Chapter One - Kim

 

February 14, 1995

 

     Kim Macomb jostled and bounced around the back seat of the jeep. The African sun, like a ton weight, threatened to press her as flat as the grassland. Wind whipped dark silky strands from her thick braid. She tucked them behind her ear, but it only took a moment for them to whip free again.

 

     In the front seat, her husband gestured as he discussed the future of Zaire with the driver. Kim was grateful that most of their discussion was drowned out by the engine’s drone. She was too miserable to care about anyone else’s future. It was all they’d talked about since leaving the airport moments before the militia shut it down. Like a surreal scene from a 3-D hero movie there’d been people screaming, scrambling, gunfire, yet the three of them escaped unscathed. How did she get here, anyway?

 

     Kurt turned to her and grinned. Her heart leaped in her chest and she smiled back. Beneath the brim of a khaki hat his blue eyes twinkled with excitement. His pale skin, the blight of red-haired people, already showed signs of sunburn. “Hang on. Things are about to get interesting,” he shouted.

 

      They slowed and veered off the highway, bumping along deep ruts that sliced through dense jungle. Every jolt felt like the start of a new bruise. Occasionally Kurt glanced back to check on her, his excitement at realizing his dream never dimming.

 

     She closed her eyes and lapsed into a weary stupor until the jeep lurched to a stop. The engine’s drone was replaced by the buzzing of a fat fly circling her head. She swatted at it and sat up. “What’s wrong?”

 

     “There’s a tree blocking the path.” Kurt pointed. The dirt lane was a thin brown belt cinching tall grasses that spread right and left into a full garment of brush and trees. One large tree with leaves dried and brown lie directly across the road.

 

 

 

 

     “I’ve got a chain we can use to move it,” Uzachi said. His Bostonian accent surprised her again. In a loose white shirt and shorts, Uzachi looked as if he belonged to the land, yet, he was decidedly American. “Reverend Macomb, would you give me a hand?” Kurt jumped out the passenger side while Uzachi unfolded his frame from behind the steering wheel and went to rummage through the luggage in the back of the jeep. “Wouldn’t you know? It’s on the bottom of the heap. This’ll take a while. You may as well get out and stretch, Mrs. Macomb, but stay close.”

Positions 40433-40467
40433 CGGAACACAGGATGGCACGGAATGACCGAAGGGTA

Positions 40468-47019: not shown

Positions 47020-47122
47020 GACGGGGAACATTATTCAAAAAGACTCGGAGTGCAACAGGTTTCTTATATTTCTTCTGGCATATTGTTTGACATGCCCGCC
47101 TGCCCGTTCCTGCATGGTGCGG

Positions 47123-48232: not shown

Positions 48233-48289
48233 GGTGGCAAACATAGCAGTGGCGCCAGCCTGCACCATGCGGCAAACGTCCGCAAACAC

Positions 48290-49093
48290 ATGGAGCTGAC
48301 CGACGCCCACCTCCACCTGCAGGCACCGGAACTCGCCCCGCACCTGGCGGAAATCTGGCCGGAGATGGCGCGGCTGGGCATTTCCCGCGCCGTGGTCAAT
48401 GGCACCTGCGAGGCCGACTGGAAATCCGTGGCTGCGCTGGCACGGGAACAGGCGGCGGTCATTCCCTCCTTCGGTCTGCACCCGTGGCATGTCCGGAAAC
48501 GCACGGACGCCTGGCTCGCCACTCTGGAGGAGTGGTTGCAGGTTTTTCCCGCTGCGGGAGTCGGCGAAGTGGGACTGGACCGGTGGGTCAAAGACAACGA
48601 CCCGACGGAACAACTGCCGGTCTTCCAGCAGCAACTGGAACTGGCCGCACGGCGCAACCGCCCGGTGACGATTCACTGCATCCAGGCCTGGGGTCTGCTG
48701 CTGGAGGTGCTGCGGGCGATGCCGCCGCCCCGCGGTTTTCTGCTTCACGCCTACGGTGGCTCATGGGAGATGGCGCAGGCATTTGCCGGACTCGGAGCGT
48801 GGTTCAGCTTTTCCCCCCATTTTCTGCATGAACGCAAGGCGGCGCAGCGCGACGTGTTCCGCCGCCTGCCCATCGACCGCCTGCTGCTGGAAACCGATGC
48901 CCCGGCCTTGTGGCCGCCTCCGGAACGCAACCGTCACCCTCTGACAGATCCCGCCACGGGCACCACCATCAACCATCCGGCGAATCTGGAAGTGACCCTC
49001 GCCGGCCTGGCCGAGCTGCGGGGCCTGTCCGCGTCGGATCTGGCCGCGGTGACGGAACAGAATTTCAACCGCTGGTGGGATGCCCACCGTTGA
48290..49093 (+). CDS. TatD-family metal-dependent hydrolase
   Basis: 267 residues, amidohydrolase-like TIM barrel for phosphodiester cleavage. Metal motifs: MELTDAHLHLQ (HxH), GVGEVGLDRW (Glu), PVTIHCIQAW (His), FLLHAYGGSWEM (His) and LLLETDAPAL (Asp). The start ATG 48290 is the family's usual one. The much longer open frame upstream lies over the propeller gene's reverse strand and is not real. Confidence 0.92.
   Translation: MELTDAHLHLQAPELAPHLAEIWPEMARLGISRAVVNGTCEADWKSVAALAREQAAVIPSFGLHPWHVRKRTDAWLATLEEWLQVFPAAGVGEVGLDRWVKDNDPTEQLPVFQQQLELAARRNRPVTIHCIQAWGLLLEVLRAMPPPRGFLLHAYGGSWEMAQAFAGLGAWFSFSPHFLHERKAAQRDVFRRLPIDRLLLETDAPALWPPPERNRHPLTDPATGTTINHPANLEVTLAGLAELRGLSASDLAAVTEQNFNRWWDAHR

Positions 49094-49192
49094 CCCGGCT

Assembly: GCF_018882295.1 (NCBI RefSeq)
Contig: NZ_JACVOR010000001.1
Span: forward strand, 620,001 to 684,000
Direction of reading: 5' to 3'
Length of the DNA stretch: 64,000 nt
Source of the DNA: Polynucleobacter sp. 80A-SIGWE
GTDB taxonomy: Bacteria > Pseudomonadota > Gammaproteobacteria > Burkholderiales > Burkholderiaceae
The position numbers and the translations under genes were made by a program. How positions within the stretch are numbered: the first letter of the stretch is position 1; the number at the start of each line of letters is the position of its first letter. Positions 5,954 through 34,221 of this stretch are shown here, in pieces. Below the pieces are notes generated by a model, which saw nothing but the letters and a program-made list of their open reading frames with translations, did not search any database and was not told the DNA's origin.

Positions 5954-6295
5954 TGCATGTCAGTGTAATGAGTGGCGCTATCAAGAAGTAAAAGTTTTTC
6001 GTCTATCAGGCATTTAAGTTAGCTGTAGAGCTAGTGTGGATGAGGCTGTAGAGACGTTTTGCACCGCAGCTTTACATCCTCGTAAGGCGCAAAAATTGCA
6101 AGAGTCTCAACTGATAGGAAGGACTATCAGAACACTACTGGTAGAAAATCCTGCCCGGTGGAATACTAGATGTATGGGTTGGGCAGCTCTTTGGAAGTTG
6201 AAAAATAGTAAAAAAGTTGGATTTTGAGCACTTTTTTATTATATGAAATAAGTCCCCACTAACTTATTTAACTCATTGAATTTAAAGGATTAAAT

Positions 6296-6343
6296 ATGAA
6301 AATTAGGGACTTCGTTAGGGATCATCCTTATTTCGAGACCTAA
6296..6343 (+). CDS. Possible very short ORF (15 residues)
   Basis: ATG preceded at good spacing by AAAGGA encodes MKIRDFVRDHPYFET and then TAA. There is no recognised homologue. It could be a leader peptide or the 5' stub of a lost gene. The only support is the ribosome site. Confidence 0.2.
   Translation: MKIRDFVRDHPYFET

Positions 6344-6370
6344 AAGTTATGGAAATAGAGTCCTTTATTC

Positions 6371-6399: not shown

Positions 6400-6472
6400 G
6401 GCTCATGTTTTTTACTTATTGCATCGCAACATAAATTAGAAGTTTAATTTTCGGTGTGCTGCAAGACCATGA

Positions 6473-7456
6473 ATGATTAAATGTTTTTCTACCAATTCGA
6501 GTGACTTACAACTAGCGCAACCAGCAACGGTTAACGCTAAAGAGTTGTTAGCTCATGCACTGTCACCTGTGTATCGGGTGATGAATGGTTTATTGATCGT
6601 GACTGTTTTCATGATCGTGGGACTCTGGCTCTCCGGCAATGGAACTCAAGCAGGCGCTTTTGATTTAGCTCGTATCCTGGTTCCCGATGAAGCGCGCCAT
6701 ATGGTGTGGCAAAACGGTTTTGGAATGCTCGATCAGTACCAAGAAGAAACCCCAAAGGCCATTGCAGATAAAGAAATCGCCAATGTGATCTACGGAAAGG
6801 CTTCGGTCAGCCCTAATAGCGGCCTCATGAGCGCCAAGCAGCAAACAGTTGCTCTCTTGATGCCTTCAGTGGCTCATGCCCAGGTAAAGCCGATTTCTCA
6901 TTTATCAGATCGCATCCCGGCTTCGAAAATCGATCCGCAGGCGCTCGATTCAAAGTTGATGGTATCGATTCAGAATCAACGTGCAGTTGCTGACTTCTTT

Kim hunched her shoulders and threw her hands out, palms up. “Where would I go?”

 

     Uzachi flashed a brilliantly white smile and offered her a hand the color and softness of a well-used baseball glove. Once she was on the ground, he towered over her. He was maybe eight inches taller, while she and Kurt both stood five-five. He returned to the rear, handing bags and boxes to Kurt to stack on the ground.

 

     Kim stretched stiffness away and rubbed at the sore spots on her lean body. She smoothed wrinkles from her pretty pink shirt and tan trousers. Perhaps not the most practical of outfits, but just because she was going to the jungle didn’t mean she had to dress ugly.

Kurt glanced her way, grinned and winked. She smiled back, knowing he appreciated how she looked.

       

     She wandered toward the obstruction. A path of beaten grass skirted the downed tree and some branches had been stripped away. She scrambled on top of the horizontal trunk, wobbling a bit before balance beam training took over. Everything looked better from up there. She stepped the length of it and back, performing a routine she’d used years before in high school competition.

 

     “Kim,” Kurt said. His low tone held a warning.